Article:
From the reviews:
"Treating Trichotillomania: Cognitive-Behavioral Therapy of Hairpulling and Related Problems focuses primarily on trichotillomania (TTM) … . it is concise, well written, empirically grounded, and richly filled with clinical examples and samples of patient-therapist dialogue that clearly illustrate the various techniques. … In summary, this book is essential reading for all clinicians involved in the treatment of TTM. … Franklin and Tolin have performed a valuable clinical service by clearly showing readers how to implement this intervention along with other cognitive-behavioral interventions for TTM." (Steven Taylor, PsycCRITIQUES, Vol. 53 (11), 2008)
"This book on treating trichotillomania is a powerful addition to a continuing series on anxiety and related disorders. … Psychologists and other mental health professionals will find this valuable for their practice. Graduate students will benefit from the advanced knowledge and overall understanding of trichotillomania. … One major highlight is the emphasis on self-monitoring which is important for all psychiatric disorders. This is one of the best books available on trichotillomania, and clinicians are strongly urged to have this invaluable reference on their selves." (Nicholas Greco IV, Doody’s Review Service, August, 2009)
Trichotillomania has been described in the literature for at least a hundred years, but has only in the past decade received serious clinical attention. Although now a "higher profile" disorder, there is still scant clinical information on trichotillomania. A full-length cognitive-behavioral treatment manual, Treating Trichotillomania (TTM) fills that need. Designing the book for maximum usefulness, authors Franklin and Tolin share their considerable expertise in treating body-focused repetitive behavior disorders (not only hair-pulling but skin-picking and nail-biting as well) in an accessible, clinically valid reference.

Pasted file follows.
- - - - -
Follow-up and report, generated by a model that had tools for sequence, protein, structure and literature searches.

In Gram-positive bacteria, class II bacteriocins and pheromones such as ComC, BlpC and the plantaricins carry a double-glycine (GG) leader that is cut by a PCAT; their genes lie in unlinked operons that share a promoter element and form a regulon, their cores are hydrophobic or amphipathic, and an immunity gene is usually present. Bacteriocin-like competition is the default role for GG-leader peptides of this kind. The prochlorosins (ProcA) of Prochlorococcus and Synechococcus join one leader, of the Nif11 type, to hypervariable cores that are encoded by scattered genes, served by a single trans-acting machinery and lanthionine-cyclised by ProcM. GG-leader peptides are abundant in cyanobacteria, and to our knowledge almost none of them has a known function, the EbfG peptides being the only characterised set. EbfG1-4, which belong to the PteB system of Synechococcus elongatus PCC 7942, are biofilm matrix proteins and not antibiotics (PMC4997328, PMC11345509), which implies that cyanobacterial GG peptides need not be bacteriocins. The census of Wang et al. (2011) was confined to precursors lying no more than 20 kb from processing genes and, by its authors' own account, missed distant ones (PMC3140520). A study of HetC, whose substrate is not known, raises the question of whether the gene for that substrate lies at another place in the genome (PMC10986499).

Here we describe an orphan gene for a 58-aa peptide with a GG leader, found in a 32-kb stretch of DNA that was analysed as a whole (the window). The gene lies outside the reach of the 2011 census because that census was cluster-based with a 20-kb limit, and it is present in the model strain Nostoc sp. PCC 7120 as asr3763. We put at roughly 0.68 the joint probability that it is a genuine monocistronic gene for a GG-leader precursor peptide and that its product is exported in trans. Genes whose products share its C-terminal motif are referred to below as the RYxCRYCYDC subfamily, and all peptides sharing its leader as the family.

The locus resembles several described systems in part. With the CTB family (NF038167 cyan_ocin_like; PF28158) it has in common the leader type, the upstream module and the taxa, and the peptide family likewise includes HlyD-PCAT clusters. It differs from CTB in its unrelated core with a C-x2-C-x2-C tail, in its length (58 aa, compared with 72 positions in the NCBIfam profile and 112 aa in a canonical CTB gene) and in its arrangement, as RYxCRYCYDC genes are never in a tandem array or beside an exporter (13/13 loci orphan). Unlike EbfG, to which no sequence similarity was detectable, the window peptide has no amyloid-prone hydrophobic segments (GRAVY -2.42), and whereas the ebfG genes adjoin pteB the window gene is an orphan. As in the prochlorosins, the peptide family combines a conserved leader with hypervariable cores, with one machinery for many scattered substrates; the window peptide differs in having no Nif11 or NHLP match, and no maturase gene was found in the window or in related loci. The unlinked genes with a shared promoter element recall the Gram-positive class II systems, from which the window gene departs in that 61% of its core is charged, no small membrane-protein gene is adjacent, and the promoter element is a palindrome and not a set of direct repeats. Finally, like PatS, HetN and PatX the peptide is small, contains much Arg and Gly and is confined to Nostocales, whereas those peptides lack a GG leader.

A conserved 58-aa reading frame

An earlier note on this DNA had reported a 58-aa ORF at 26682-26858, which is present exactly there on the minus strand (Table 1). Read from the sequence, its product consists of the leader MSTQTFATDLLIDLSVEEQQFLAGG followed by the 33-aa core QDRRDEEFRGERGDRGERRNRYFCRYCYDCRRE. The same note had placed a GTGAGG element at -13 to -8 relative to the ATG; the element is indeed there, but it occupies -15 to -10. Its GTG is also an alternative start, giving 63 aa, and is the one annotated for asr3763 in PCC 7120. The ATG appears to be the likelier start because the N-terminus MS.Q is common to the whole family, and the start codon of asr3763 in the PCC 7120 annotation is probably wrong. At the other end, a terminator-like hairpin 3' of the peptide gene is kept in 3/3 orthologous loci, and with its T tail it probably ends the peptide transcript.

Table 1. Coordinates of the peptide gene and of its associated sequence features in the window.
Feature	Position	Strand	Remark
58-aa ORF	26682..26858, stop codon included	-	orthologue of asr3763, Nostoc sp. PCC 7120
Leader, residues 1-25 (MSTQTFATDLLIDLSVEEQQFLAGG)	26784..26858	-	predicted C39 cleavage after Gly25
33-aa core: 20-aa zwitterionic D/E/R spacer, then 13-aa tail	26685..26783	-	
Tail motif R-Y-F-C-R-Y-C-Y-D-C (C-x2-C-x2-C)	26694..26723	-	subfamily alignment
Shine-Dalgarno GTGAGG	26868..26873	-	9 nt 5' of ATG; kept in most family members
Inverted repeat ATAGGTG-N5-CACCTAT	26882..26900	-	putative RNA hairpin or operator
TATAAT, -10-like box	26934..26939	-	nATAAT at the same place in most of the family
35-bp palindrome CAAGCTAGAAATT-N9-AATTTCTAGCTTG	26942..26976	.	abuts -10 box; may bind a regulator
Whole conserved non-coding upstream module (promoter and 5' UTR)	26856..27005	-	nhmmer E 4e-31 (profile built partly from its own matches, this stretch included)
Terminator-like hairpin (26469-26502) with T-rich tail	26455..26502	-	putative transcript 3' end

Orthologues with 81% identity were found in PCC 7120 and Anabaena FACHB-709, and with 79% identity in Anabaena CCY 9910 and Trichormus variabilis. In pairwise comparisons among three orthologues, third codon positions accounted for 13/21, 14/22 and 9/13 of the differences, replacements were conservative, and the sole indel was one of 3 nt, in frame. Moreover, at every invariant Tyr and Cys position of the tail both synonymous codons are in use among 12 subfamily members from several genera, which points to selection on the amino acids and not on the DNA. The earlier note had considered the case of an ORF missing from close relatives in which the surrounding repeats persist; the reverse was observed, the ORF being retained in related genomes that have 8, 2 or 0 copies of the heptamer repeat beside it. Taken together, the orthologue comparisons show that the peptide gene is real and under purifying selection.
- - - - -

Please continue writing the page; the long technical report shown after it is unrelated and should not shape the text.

Treating Trichotillomania carefully defines TTM, differentiating the disorder from other conditions such as OCD, reviewing the varied clinical forms it can take, and setting out its diagnostic criteria. Treatment chapters are not one-size-fits-all, but offer an evidence-based framework to help practitioners in designing the most appropriate course of treatment across the developmental spectrum, from toddlers to elders. The authors give the reader:
With the increasing recognition of body-focused repetitive behavior disorders and their negative impact upon the lives of sufferers, the clinical psychologist, psychiatrist, social worker, counselor, or school practitioner needs the broadest understanding of the problem, which can be found in this reader-friendly volume.